Sunday dinner at the restaurant has us silently contemplating our acceptance at church. No one is gloating. I realize how important this acceptance is for the moms. My old Miami self would only think how it affects me personally, regardless of others. Will I shut down my pranks and antics in public from now on to avoid causing difficulty for the moms in their community? Maybe.
Our spirits lift when ‘Gator shows up. He isn’t going to wait on the porch this Sunday for us to return.
“Where’s the posse?” I quiz him.
“They’s still passed out from last night’s party. The bowling team may have some female changes.”
“I thought we agreed that girlfriends had to be cheerleaders, not bowling partners, to avoid this kinda problem.”
“Well, you know girls. They kin gets funny ideas when ya ask ‘em to be yer pardner.”
“Brokens hearts or just hurt feelings last night?” I ask.
“Jist gots ta see how it all plays out.”
“So what’s the plan, Stan?”
“Well, I gots a favor ta ask of y’all. Kin we keep it on the down low ‘bout my tears yesterday. I gots a reputation ta protect. I ain’t never cried since Mrs. East won’t let me go to the bathroom in kindergarten.”
“We was all cryin,’ ‘Gator. Y’all gots caught up in the moment with us,” I explain.
“Cain’t be lookin’ weak out on the field.”
“Best not ta care. Ya feel bad runnin’ over some opposing quarterback?”
“Yer right, Andy. I don’t cares what anyone thinks. I’m ‘Gator, hear me roar.”
We all laugh. Desserts arrive, which he finishes off for us. We are still full from breakfast.
We spend the afternoon playing music and singing. When the musical spirit leaves us, we do our homework.
“Gate, I gots an idea for our English class play. We’s doin’ ‘Little House on the Prairie’ for Christmas assembly. You wanna be in the play,” I appeal to our shared need to perform.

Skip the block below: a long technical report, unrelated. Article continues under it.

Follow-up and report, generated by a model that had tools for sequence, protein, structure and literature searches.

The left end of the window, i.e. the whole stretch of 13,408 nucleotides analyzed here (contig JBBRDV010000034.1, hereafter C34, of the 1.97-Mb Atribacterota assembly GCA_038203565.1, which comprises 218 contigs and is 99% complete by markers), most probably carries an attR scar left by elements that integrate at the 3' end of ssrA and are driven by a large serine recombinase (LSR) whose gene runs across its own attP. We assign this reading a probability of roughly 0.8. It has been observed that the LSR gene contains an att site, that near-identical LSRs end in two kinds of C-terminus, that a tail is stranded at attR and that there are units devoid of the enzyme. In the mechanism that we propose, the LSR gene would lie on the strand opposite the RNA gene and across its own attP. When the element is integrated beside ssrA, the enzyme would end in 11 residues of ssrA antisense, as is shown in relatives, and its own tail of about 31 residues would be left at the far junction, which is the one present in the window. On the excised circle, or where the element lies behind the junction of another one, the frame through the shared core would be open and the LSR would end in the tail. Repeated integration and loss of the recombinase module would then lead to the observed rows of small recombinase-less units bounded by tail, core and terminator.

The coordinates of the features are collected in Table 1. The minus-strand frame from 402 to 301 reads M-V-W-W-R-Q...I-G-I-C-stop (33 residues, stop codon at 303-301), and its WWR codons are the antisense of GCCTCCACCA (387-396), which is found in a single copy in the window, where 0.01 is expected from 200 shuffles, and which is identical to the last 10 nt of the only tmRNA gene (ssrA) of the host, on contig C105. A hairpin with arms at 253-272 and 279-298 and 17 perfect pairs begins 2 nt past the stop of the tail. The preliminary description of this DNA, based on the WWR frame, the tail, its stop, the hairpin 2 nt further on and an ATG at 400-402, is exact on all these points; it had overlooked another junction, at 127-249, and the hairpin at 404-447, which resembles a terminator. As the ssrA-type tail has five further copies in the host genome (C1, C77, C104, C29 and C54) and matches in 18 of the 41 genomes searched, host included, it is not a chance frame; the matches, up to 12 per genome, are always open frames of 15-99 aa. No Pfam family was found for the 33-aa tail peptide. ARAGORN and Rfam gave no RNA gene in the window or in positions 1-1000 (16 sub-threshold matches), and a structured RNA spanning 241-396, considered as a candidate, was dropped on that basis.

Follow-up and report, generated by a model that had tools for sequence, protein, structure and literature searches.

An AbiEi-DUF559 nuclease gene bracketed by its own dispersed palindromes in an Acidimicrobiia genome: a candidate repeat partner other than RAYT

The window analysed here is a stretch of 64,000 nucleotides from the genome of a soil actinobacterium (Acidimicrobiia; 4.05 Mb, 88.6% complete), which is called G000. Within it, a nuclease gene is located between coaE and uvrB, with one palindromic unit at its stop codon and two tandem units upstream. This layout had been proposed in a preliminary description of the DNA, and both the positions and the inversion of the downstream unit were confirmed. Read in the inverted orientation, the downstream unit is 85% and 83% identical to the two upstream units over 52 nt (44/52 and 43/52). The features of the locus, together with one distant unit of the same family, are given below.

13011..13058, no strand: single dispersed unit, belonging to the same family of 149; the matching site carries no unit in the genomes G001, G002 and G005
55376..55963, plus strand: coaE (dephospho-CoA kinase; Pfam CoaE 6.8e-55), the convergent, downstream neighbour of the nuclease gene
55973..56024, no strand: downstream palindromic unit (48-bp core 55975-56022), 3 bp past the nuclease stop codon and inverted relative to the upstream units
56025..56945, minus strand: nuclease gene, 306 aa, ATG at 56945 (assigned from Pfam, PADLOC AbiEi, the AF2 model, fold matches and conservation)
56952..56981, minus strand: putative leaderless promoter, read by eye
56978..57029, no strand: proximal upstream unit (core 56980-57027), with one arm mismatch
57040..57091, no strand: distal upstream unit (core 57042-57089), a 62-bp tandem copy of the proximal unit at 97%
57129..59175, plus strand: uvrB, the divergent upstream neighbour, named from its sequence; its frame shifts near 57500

“I love that show,” he quickly agrees. Why am I not surprised?
“It’s the ‘Plum Creek Christmas’ episode from last year.”
“When Ma gits the stove,” he confirms he’s a fan.
“We needs ya to play Bunny.”
“The pony? How’s that gonna work?”
“We’ll spice up the action. Bunny will show off on stage. It’ll be real funny. Ya kin bite that nasty Nellie Oleson.”
The twins are staring at me with their mouths wide open
“I gots ta be on my hands an’ knees.”
“Naw, we’ll get one of them two-man horse outfits. Noah can be the rear end.’
“A horse’s ass,” he quips.
“’Gator?” both girls complain.
“Ya wanna do it? I gots ta git Mrs. McCarthy ta approve.”
“Sure. S’long as I don’t havta cry. Guess there’s no lines to le’rn?”
“Maybe a neigh or two. You kin improvise.”
“Naaaay,” he improvises.
‘Gator leaves when it’s time for my Pizza Pit shift. When I get back, Mom’s pot roast dinner is warming in the oven. My appetite has returned. Looking in the mirror with my shirt off, I’m glad to see I’m filling out again, not so scrawny, just skinny. Maybe I’ll work out for bowling.
I call Tommy. Even though I still think about him a lot, I didn’t want him to know it. It makes me feel like a perv. Still I’m never horny, so I figure I just miss my little brother.
“Hi, Auntie Em. Tommy being good?’
“That you, Huck? Ever since you called him, he’s been an angel. Sometin’ ‘bout wantin’ to visit Iowa over Christmas. That yer doin?’”
“Only if’n y’all don’t mind him bein’ gone fer the holidays.”
“He’s a real joy in our lives. We kin celebrate later. We jist like seeing him happy. Ya wanna speak with ‘im?”
“You is so polite. I’ll git ‘im.”
He’s out of breath when he gets on the line.
“Oh, Huck,” he sighs.
“I hears ya bin good.”
“I gots ta git permission to come visit.”
“Sounds like it’s gonna happen.”
“Sure. My friend Hippie and his pregnant wife are driving to his gran and gramp’s near here. They’s said ya can git a ride with ‘em.”
“Are they’s real old, havin’ a baby.”
“Naw, they’s our age. Got hitched at sixteen.”
“We’s the same age now?” he sounds real hopeful.
“Now don’t be makin’ plans. I thought you had a girlfriend.”
“Yeah, but I still wants ya real bad. I don’ts think o’ her in bed, jist you.”
My dick has responded for the first time since forever. I’m glad but the perv thing worries me.
“Jist say ya wants me too. I’ll even let’s ya fuck me like that one time it happened by mistake.”